Alex Neil, the Cabinet Secretary for Health and Well-being, told a reception to mark Leuchie Week that without places like Leuchie House offering caring respite breaks, the growing numbers of people with long-term conditions would have nowhere to look after them and their carers, putting more strain on the health service.
Speaking during the Holyrood reception which was hosted by Leuchie House’s local MSP, Iain Gray, the Minister spoke of the dedication, commitment and professionalism of the staff at Leuchie House, which is a unique facility in East Lothian offering people with long-term conditions and their carers respite breaks with 24-hour expert nursing care in a non-clinical environment.
He said: “Getting a break is extremely important. Quality of life for people with long-term conditions must be a top priority for all of us.”
Iain Gray, a long-time supporter of Leuchie House, told the guests – who included many of those currently enjoying respite breaks at Leuchie: “Leuchie House provides holidays for people dealing with very difficult disabilities and they challenge our assumption that these people are not entitled to have the same holiday as everyone else.”
Speaking of the everyday difficulties faced by people with long-term conditions and their carers, Iain Gray said: “Access to Leuchie House is the only thing that makes it possible for them to continue living at home.” Leuchie House cares for people and their carers living with a variety of long-term conditions, such as Multiple Sclerosis, Huntington’s, Parkinson’s, Motor Neurone Disease, stroke and spinal injuries.
Leuchie House’s Chairman, Sir David Tweedie and the CEO Mairi O’Keefe also spoke to MSPs, supporters and Leuchie guests. One of Leuchie House’s regular respite care guests, Mhairi McCran, spoke very movingly about the difference the respite breaks at Leuchie House has made to her and her family, saying the regular respite provided “a light at the end of a very dark tunnel.”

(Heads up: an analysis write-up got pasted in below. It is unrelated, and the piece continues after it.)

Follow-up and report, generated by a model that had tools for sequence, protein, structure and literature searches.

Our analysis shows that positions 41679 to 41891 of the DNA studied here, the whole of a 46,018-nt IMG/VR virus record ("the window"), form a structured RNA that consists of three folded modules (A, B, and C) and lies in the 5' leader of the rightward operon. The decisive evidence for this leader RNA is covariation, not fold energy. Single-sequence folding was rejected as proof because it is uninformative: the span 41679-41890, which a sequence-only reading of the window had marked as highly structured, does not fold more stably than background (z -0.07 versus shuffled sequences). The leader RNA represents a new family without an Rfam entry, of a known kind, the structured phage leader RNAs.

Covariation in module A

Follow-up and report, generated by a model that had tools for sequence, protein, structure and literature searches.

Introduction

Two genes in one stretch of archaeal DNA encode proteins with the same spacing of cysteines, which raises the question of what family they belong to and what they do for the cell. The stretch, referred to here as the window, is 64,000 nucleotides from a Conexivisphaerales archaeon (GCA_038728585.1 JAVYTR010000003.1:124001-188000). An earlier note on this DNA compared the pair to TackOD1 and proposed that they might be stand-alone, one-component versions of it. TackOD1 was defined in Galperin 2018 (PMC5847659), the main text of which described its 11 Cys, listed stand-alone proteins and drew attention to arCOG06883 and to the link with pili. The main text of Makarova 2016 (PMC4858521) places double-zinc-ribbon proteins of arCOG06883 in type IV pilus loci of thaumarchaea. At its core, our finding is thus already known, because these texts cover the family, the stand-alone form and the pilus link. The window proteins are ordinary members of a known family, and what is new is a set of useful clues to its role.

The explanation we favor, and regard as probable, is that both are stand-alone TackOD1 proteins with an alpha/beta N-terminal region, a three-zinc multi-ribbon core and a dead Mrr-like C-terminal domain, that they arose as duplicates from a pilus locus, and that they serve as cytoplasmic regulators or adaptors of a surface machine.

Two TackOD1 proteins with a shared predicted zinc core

Leuchie Week highlighted the message that people deserve quality and choice when it comes to respite care, focusing on:
Cost - It is estimated that the 1 in 8 people finding themselves filling the role of carer for a family member save the health and social care system in Scotland £10.3 billion each year;
Choice – For many people in Scotland living with a long-term physical condition, the only alternative to Leuchie House for respite care would be a hospital bed or a place in an old people’s residential home – both entirely inappropriate for younger people or those who live in an environment with limited social interaction or stimulation. From next year, people and their carers will also have more choice in choosing and funding their respite care under Self-directed Support;
Integration of health and social care – People living with long-term conditions and their carers need a joined-up approach to their care requirements as well as freedom to control their budgets.
At the moment, most people’s social care is managed by their local authority but under the Social Care (Self-directed Support) (Scotland) Act 2013, from next year people will have greater choice to select the type of support and care that meets their needs.
Self-directed Support will mean that local authorities must offer everyone the following options: they can choose to receive direct payments to purchase the support themselves; they can select their support but let the local authority arrange it on their behalf or let the council select the appropriate support and arrange it for them. They can also choose a mixture of these options.
Mairi O’Keefe, Chief Executive of the independent charity, said: “The importance of life-enhancing breaks for people with long-term conditions and their families can’t be overemphasised. It gives them and their carers a well-earned chance to recharge their batteries and enables them to carry on without having to take up hard-pressed NHS resources.”